May 20, 2016
The world’s biggest banks and technology firms are set to converge on Madrid, Spain June 21-22 for MoneyConf, and Katipult will be among the exclusive group of companies selected to exhibit at the prestigious Fintech event that helped elevate companies like Stripe in previous years.
Apr 12, 2016
Toronto, ON – March 31, 2016 – VersaPay Corporation (TSXV: VPY) ("VersaPay" or the "Company"), a leading provider of cloud-based payment and accounts receivable management solutions, today announced that it has signed a partnership agreement with Katipult Software to bring a disruptive Crowdfunding solution for investment firms in the Canadian market. VersaPay’s gateway technology enables Katipult to provide customers using its crowdfunding software product with an integrated secure payment capability.
Mar 14, 2016
While the regulatory frameworks and rules for investment crowdfunding with accredited investors and non-accredited investors vary from country to country, there are four key considerations for bringing an online investment platform to market.
Depending on the platform structure and area of operation, the themes below highlight the considerations when dealing with security commissions and regulatory authorities.
General Partner vs. Intermediary models
The real estate marketplace model is what we define as the intermediary model, where the platform owner and the companies raising capital are independent. While the platform may screen issuers and deals for quality, the deals are still managed by third party issuers. The business model is usually transaction success fee driven, which in most countries requires some type of financial license. The other option is the General Partner model where the platform is being used to market proprietary deals online, using a management fee + % of profits business model. The General Partner model is the easiest as a starting point in most regions as firms are typically shifting their offline activities online and leveraging the same compliant processes.
Solicitation vs. Non-Solicitation
The solicitation ability will be a game changer in the long term, particularly with Title III rules in May 16th 2016, which include non-accredited investors. It is great to see frameworks in place for accredited investor solicitation in a number of influential countries as a starting point. Many groups will be more comfortable in the short term launching a non-solicitation platform. This is because it’s in line with their current investor onboarding methods without “generally” soliciting, such as scheduling web conferences/phone calls/face-to-face meetings with new investors that have been referred, introduced, etc. Under this scenario, the investment platform is acting as an investor relations tool for efficiencies and a better investor experience. General solicitation can always be used at a later date for permitted marketing strategies.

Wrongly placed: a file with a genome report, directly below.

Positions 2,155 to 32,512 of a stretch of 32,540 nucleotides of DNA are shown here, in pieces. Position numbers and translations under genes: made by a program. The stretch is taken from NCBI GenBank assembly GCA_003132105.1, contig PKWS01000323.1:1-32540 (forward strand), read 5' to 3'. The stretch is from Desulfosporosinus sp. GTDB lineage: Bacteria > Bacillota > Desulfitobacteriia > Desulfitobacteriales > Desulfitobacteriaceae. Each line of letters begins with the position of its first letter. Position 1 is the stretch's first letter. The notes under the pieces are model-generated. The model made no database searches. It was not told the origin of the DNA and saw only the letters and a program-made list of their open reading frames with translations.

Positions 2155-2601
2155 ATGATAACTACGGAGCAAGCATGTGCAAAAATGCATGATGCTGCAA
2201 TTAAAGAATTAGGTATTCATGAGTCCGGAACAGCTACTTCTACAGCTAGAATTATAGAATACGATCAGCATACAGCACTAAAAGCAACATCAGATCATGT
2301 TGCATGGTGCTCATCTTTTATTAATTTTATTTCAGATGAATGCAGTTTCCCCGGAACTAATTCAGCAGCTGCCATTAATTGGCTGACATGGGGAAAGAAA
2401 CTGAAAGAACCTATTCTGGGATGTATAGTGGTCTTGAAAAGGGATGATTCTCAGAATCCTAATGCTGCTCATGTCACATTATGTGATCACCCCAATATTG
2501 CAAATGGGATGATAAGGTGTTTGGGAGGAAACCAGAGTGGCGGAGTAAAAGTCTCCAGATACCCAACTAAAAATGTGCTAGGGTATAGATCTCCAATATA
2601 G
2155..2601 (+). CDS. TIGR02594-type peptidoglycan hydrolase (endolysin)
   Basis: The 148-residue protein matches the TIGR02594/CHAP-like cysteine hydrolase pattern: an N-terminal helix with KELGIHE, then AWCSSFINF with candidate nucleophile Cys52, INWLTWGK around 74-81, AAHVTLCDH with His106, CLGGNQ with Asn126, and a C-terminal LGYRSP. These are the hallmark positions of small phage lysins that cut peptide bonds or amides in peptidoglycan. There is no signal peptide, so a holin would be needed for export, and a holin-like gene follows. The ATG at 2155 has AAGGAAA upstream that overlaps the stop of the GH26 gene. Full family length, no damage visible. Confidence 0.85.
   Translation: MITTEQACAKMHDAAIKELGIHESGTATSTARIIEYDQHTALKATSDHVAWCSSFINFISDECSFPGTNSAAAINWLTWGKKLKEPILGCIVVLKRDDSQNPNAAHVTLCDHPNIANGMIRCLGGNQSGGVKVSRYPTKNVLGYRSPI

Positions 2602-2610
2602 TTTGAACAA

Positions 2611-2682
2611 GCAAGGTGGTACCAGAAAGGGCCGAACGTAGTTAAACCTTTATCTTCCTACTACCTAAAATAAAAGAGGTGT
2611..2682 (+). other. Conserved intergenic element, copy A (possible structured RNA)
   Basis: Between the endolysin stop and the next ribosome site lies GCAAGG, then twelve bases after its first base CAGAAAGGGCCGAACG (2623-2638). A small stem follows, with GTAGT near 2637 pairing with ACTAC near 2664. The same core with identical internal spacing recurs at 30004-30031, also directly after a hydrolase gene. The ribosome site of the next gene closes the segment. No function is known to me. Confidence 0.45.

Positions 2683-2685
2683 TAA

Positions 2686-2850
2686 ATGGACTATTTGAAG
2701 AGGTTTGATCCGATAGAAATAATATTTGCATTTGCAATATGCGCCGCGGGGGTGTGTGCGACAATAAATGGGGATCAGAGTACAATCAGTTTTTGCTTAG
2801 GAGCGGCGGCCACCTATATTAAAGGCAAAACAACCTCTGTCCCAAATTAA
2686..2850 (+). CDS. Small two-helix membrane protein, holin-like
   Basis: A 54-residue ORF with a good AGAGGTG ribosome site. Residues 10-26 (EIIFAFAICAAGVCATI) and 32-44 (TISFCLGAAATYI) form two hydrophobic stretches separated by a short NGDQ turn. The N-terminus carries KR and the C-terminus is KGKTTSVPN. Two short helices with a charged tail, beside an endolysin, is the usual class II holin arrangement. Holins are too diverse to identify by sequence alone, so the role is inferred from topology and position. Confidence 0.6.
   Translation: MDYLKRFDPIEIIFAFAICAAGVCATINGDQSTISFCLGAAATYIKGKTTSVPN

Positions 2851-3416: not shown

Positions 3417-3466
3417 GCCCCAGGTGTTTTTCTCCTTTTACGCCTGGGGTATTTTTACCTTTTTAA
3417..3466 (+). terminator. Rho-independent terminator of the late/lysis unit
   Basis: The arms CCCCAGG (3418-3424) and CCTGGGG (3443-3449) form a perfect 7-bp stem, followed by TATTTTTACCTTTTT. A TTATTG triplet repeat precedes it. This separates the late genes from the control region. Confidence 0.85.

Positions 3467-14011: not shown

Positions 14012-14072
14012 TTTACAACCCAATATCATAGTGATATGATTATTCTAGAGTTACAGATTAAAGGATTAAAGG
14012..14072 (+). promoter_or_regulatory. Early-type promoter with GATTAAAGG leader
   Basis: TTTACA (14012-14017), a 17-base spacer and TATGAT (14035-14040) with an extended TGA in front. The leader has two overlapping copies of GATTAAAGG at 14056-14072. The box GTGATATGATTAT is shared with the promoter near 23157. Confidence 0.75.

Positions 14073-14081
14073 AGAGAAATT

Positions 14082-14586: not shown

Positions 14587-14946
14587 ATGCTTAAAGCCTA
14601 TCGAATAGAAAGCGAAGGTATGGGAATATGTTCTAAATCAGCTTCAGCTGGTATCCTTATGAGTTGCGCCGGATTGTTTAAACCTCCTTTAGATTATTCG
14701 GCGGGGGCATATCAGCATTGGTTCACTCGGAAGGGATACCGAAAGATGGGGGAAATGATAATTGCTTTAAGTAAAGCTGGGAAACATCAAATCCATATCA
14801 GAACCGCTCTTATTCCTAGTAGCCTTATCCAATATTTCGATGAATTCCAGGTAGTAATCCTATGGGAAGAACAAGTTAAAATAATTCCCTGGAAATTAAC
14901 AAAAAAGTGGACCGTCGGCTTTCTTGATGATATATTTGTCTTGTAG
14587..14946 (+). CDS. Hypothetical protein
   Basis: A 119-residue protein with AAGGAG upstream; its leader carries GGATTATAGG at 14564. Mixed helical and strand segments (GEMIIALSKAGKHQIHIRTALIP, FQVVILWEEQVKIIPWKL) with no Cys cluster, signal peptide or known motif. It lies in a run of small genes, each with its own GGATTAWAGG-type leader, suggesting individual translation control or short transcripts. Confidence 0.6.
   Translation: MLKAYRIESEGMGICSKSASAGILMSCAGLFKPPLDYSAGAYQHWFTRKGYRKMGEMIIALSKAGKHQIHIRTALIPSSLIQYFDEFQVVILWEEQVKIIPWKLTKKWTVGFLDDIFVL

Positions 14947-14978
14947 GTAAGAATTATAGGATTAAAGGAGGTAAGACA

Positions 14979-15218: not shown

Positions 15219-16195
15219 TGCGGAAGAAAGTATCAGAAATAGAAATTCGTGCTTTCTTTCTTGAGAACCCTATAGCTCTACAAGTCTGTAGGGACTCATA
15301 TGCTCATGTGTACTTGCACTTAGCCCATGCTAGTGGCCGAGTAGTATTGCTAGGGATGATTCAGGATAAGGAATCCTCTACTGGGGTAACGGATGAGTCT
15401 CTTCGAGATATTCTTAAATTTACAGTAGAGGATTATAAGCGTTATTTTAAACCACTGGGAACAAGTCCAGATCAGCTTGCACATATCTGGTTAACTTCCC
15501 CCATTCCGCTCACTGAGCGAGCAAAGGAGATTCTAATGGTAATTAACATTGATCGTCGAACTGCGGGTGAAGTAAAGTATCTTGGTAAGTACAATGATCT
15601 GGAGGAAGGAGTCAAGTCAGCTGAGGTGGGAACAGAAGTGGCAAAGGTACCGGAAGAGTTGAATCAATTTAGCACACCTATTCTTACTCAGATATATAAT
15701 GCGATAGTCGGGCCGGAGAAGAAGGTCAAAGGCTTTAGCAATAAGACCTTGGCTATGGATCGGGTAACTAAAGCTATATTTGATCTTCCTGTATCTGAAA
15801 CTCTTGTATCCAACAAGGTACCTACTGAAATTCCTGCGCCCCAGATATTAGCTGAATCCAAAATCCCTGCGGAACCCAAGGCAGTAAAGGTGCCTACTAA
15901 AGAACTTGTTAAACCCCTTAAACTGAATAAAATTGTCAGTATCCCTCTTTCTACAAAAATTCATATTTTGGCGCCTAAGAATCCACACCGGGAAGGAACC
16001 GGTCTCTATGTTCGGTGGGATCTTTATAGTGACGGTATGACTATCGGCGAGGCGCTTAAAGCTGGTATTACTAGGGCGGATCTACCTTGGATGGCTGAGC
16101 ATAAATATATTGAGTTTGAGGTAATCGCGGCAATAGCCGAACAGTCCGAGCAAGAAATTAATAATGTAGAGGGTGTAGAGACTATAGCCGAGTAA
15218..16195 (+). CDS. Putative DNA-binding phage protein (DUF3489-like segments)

Debt vs. Equity
Debt based platforms often sidestep stricter securities laws regarding equity. Starting with debt deals rather than equity, and evolving the platform for equity deals in the future is a possibility. Understanding the differences in compliance related to the two instruments may create a feasible roadmap for the business.
Domestic vs. Foreign Investors
Regulatory bodies in most countries are focused on protecting domestic investors than foreign investors. Whether your focus is high net worth individuals or institutional firms, dealing with foreign investors may open up additional possibilities or liabilities. Thus, it is important to grasp the implications of both focus to navigate the best go to market strategy.
Under every scenario, enlist the services of an experienced securities lawyer in your region to create a go-to-market strategy for your platform that is fully compliant.
Article also appeared on timesrealtynews.com:
Mar 2, 2016
The Title III provisions were described by Forbes Magazine as the democratization of investing. Mark Roderick, a leading Crowdfunding attorney wrote, 'Title III Crowdfunding is like nothing seen before in the U.S. securities industry.' Through Crowdfunding non- accredited investors (making under $200,000 in income and less than $1 million in net worth excluding their primary residence) can invest in anything from a start up company to real estate. Investments that in the past have been available primarily to the accredited investor (making over $200,000 in income with more than $1 million in assets net primary residence).
Mar 2, 2016
We have all heard the term caveat emptor, Latin for let the buyer beware. All securities offerings come with lengthy legal jargon essentially informing the investor that past returns are no guarantee of future earnings. These rules, however, do not protect the investor from potential fraud. The first prosecution of a fraud case involving crowdfunding was filed by the SEC in the US District Court of Nevada. The company in question had used several crowdfunding platforms to raise money under the Title II rules of the JOBS Act. The complaint alleges that only a small percentage of the money raised went into the stated investment and was instead funnelled into 'expenses'. So what is a potential investor to do? The answer is due diligence and investing in platforms backed by real property.
Jul 30, 2015
After many delays and when no one expected a fast resolution of the Title IV Regulation A+ from the JOBS Act, originally planned for October 2015, this past Wednesday the SEC approved the final rules which will entitle small businesses and startups to raise up to $50 million through crowdfunding.
The almost unexplainable delays around the incomplete and imperfect first legislation on constant revision during more than two years created suspense and often hopelessness for no one knew when the final rules would be in place and how they would in fact affect businesses.
Article also appeared on BanklessTimes: